Any Other Place
Any Other Place
By Michael Croley
“Michael Croley’s Any Other Place is a story collection of immense power. Croley masterfully gathers disparate worlds through his sympathy and generous grasp. As the characters approach their truths of home, family, and duty, we witness the gorgeous possibility of what ordinary men and women seek—love, acceptance, and forgiveness.”
—Min Jin Lee, author of Free Food for Millionaires and Pachinko, finalist for the National Book Award
“Like the best writers, Michael Croley takes us into the lives of ordinary people who have been thrust into extraordinary circumstances of everyday life. There is not a wasted word in these thirteen taut and thrilling stories of grief, exile, and devotion.”
—Silas House, author of Southernmost
“Croley’s solid debut, set mostly in small-town Appalachia, explores masculinity, heartbreak, and isolation in 13 emotional stories…Readers will relish these melancholy stories of everyday and exceptional tragedies.”
“Michael Croley’s short story collection Any Other Place finds people in the circumstances they’d do anything to avoid and traces the ties of love, loyalty, and sacrifice that bind them…Croley’s stories are thrilling in the oldest sense of the word. They pierce, boring a hole straight into Fordyce’s singular, multitudinous heart.”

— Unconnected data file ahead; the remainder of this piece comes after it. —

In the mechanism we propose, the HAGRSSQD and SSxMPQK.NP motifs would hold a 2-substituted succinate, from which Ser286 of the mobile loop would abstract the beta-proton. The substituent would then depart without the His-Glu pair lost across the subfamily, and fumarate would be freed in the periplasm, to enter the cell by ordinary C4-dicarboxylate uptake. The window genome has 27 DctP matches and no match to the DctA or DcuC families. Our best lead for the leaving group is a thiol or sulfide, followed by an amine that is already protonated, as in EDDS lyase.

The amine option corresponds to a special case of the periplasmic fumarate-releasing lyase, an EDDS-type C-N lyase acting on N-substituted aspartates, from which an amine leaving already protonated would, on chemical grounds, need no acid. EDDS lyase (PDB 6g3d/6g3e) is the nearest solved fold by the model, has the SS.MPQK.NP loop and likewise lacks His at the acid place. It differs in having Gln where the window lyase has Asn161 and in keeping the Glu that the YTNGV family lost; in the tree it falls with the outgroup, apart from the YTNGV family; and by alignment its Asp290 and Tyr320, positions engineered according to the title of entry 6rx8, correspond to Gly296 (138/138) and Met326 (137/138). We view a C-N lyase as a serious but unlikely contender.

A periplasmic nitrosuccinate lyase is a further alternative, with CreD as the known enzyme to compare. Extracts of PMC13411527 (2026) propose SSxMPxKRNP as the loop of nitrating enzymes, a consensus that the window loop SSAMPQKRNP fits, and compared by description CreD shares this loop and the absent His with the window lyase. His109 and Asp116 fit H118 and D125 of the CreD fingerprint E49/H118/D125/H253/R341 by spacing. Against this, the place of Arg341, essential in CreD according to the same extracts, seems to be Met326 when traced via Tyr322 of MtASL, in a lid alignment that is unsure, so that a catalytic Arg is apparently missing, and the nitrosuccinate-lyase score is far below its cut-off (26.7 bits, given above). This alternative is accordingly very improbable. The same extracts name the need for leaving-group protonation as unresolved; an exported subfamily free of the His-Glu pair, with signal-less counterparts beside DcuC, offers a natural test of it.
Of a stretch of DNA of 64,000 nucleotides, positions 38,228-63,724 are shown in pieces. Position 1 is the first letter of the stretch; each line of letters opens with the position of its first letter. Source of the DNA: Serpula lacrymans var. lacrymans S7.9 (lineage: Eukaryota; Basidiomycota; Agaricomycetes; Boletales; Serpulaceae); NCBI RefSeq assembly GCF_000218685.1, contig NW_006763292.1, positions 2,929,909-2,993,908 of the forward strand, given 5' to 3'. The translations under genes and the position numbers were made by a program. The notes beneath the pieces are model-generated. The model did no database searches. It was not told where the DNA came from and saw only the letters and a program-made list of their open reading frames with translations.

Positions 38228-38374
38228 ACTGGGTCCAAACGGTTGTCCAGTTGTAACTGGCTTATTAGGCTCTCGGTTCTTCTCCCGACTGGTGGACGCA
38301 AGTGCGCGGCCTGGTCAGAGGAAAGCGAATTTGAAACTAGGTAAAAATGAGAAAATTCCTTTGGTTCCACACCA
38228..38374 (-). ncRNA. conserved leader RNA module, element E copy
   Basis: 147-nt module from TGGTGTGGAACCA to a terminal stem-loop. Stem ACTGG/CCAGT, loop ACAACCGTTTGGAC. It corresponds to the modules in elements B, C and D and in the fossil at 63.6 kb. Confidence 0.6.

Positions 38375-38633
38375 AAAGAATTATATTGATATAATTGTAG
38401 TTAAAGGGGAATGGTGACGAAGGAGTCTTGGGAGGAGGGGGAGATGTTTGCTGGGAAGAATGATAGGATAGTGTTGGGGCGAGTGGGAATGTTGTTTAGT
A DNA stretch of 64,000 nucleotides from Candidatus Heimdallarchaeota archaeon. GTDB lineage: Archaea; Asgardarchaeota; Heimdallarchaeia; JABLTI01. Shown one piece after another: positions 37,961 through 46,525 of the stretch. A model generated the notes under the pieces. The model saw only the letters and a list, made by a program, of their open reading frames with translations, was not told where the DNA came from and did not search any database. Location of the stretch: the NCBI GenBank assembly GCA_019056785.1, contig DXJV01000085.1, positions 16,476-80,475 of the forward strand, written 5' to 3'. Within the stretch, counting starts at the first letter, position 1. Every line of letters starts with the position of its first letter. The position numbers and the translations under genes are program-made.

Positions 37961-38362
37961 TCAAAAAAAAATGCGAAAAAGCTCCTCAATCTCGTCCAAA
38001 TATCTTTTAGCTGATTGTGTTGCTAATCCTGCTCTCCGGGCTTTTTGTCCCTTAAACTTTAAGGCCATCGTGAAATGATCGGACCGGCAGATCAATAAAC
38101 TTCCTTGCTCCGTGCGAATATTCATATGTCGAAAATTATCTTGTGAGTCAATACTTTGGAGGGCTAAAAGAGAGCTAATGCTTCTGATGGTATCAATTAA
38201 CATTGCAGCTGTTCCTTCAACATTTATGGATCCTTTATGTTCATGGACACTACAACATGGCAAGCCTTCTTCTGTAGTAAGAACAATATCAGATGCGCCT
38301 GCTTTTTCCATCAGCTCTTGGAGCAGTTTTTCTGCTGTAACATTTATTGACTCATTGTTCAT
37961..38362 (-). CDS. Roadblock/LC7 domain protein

In his debut collection, Michael Croley takes us from the Appalachian region of rural Kentucky and Ohio to a village in South Korea in thirteen engaging stories in which characters find themselves, wherever they are, in states of displacement. Croley uses his absorbing prose and relentless intent to uncover his characters’ hidden disquiet and to bring us a remarkable and unique collection that expands the scope of modern American literature. This stunning and relentless collection explores themes of home and displacement.
MICHAEL CROLEY was born in the foothills of the Appalachian Mountains. The recipient of an NEA Fellowship in Literature in 2016, his stories and essays have appeared in Narrative, Catapult, Blackbird, Kenyon Review Online, Virginia Quarterly Review, the Paris Review Daily, and elsewhere. He teaches creative writing at Denison University.